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Minnesota Legislature

Bill to prohibit minors from marrying headed to the House Floor

High school student Chloe Morse testifies in the House Judiciary Finance and Civil Law Division in favor of HF745, sponsored by Rep. Kaohly Her, right, which would remove legal provisions that allow minors to marry in Minnesota. Photo by Paul Battaglia

Many people may think that children getting married does not happen in Minnesota.

But it does.

Current law allows 16- and 17-year-old children to marry “with the consent of the person's legal custodial parents, guardian, or the court.”

Rep. Kaohly Her (DFL-St. Paul), sponsor of HF745 that would prohibit minors from marrying in Minnesota, told members of the House Judiciary Finance and Civil Law Division Tuesday that she has a personal connection to this issue.

Her testified that she had faced the prospect of an arranged marriage as a teenager. A much older man who had seen her only briefly at an event had called her father asking if he could marry her.

Her’s father declined, and insisted his daughter would not marry until she had graduated from college.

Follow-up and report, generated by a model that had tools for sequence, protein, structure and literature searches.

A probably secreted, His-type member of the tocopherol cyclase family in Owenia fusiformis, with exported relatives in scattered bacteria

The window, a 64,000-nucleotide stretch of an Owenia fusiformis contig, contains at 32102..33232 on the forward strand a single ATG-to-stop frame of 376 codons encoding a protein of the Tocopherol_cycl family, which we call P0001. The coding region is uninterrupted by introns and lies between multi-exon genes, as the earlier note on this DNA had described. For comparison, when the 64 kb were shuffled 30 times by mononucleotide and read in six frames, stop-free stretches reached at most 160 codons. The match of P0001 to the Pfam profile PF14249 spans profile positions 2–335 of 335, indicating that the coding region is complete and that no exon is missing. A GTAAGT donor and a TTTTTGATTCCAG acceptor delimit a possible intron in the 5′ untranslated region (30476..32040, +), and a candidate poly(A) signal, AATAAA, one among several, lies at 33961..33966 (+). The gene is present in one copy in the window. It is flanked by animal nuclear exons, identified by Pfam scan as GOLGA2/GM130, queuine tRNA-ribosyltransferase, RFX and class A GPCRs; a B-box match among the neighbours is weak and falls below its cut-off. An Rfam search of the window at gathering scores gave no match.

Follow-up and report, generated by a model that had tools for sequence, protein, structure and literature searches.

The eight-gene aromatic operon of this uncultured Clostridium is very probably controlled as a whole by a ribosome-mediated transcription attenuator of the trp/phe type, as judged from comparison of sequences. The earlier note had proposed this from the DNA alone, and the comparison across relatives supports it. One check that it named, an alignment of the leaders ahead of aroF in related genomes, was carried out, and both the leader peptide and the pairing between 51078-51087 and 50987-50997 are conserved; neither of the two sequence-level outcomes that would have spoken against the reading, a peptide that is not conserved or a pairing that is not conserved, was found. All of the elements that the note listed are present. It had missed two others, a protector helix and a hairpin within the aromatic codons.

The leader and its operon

“Had my father not been my advocate, my life outcome would have been very different,” Her said.

She said graduating from high school and college would have surely been impossible and that her life would be very limited in several other important ways.

Approved by the division, the bill was sent to the House Floor. There is no Senate companion.

The bill would also prohibit the recognition of marriage between minors, if the minors were married in another state while residents of Minnesota.

Her and other testifiers cited statistics demonstrating that marriage involving minors has many debilitating effects, especially on girls marrying older men, which is the most common scenario.

Ashlynn Kendzior, a policy advocate for World Without Genocide, said girls who marry as children are 50 percent more likely to drop out of high school and three times more likely to be beaten by their husbands.

“Abuse is pervasive in these relationships,” Kendzior said.

And because legally married children lack many legal rights, they have little recourse to try to stop that abuse. Because individuals under age 18 cannot sign legal documents, “a married child cannot file for divorce or even seek an order for protection,” she said.

It’s unknown how many minors marry each year in Minnesota, Her said, because state courts do not keep such records. But she testified that 248,000 children were estimated to have been married in the United States between 2000 and 2010.


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